Automate Access Control for User-Specific Entities

Practically every web application is supposed to have multiple users and each user has some data – posts, documents, messages, whatever. And the most obvious thing to do is to protect these entities from being obtained by users that are not the rightful owners of these resources.

Unfortunately, this is not the easiest thing to do. I don’t mean it’s hard, it’s just not as intuitive as simply returning the resources. When you are your /record/{recordId} endpoint, a database query for the recordId is the immediate thing you do. Only then comes the concern of checking whether this record belongs to the currently authenticated user.

Frameworks don’t give you a hand here, because this access control and ownership logic is domain-specific. There’s no obvious generic way to define the ownership. It depends on the entity model and the relationships between entities. In some cases it can be pretty complex, involving a lookup in a join table (for many-to-many relationships).

But you should automate this, for two reasons. First, manually doing these checks on every endpoint/controller method is tedious and makes the code ugly. Second, it’s easier to forget to add these checks, especially if there are new developers.

You can do these checks in several places, all the way to the DAO, but in general you should fail as early as possible, so these checks should be on a controller (endpoint handler) level. In the case of Java and Spring, you can use annotations and a HandlerInterceptor to automate this. In case of any other language or framework, there are similar approaches available – some pluggable way to describe the ownership relationship to be checked.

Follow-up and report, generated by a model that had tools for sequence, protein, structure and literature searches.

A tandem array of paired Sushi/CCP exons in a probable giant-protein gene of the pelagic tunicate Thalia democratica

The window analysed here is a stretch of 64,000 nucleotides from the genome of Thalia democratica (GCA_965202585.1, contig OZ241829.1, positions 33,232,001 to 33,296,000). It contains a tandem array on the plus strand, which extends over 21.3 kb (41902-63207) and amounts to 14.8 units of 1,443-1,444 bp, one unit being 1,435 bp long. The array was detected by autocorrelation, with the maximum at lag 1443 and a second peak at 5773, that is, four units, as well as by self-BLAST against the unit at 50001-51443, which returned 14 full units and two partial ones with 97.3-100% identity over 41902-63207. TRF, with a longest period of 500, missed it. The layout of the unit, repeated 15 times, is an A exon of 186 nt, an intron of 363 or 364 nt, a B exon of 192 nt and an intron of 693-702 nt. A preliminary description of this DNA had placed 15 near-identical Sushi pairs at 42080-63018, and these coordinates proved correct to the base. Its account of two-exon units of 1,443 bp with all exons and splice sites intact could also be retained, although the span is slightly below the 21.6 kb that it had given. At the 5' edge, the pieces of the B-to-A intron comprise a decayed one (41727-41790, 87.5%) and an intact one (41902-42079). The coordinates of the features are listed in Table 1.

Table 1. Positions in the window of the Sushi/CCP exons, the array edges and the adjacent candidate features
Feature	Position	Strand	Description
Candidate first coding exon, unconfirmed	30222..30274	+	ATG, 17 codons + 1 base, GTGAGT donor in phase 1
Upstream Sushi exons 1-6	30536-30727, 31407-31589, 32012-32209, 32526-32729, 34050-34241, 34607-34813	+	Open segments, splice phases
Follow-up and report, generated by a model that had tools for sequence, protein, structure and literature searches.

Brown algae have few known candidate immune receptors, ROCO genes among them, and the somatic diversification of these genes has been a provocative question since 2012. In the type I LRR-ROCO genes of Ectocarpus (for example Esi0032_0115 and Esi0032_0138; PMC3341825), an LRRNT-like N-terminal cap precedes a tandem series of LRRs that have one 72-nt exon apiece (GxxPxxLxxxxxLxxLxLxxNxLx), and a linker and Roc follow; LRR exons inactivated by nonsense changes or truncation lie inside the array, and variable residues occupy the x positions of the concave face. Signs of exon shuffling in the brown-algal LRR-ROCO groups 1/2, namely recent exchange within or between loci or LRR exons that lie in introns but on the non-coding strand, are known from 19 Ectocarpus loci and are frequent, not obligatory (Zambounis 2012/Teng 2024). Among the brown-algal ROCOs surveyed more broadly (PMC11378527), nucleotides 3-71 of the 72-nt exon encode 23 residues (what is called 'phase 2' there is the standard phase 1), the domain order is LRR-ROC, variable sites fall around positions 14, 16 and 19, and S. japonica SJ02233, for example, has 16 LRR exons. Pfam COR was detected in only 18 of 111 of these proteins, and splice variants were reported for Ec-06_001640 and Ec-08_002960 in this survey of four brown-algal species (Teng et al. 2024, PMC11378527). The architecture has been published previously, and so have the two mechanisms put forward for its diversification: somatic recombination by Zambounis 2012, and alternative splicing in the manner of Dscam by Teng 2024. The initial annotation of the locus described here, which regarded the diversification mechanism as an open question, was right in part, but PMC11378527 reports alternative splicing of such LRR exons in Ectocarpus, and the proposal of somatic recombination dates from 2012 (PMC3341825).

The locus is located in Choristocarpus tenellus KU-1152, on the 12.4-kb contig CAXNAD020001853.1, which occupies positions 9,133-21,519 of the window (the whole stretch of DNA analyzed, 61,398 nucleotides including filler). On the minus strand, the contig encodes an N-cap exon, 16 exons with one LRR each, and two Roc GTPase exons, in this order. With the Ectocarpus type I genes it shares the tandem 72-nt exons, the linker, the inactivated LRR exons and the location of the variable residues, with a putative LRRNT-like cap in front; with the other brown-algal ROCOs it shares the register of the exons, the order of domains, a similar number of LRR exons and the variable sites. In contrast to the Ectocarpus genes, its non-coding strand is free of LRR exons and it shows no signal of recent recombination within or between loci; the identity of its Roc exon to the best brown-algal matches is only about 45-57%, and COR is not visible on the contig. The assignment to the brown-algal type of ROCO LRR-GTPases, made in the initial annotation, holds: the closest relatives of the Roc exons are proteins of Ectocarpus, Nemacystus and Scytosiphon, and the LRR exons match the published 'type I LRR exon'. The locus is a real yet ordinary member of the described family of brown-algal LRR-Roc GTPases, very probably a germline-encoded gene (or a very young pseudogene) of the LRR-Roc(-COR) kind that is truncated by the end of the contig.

Below is an example annotation to put on each controller method:

public @interface VerifyEntityOwnership {
    String entityIdParam() default "id";
    Class<?> entityType();

Then you define the interceptor (which, of course, should be configured to be executed)

public class VerifyEntityOwnershipInterceptor extends HandlerInterceptorAdapter {

    private static final Logger logger = LoggerFactory.getLogger(VerifyEntityOwnershipInterceptor.class);
    private OrganizationService organizationService;

    private MessageService MessageService;
    private UserService userService;
    public boolean preHandle(HttpServletRequest request, HttpServletResponse response, Object handler) {

        Authentication authentication = SecurityContextHolder.getContext().getAuthentication();
        // assuming spring-security with a custom authentication token type
        if (authentication instanceof ApiAuthenticationToken) {
            AuthenticationData authenticationData = ((ApiAuthenticationToken) authentication).getAuthenticationData();

            UUID clientId = authenticationData.getClientId();
            HandlerMethod handlerMethod = (HandlerMethod) handler;
            VerifyEntityOwnership annotation = handlerMethod.getMethodAnnotation(VerifyEntityOwnership.class);
            if (annotation == null) {
                logger.warn("No VerifyEntityOwnership annotation found on method {}", handlerMethod.getMethod().getName());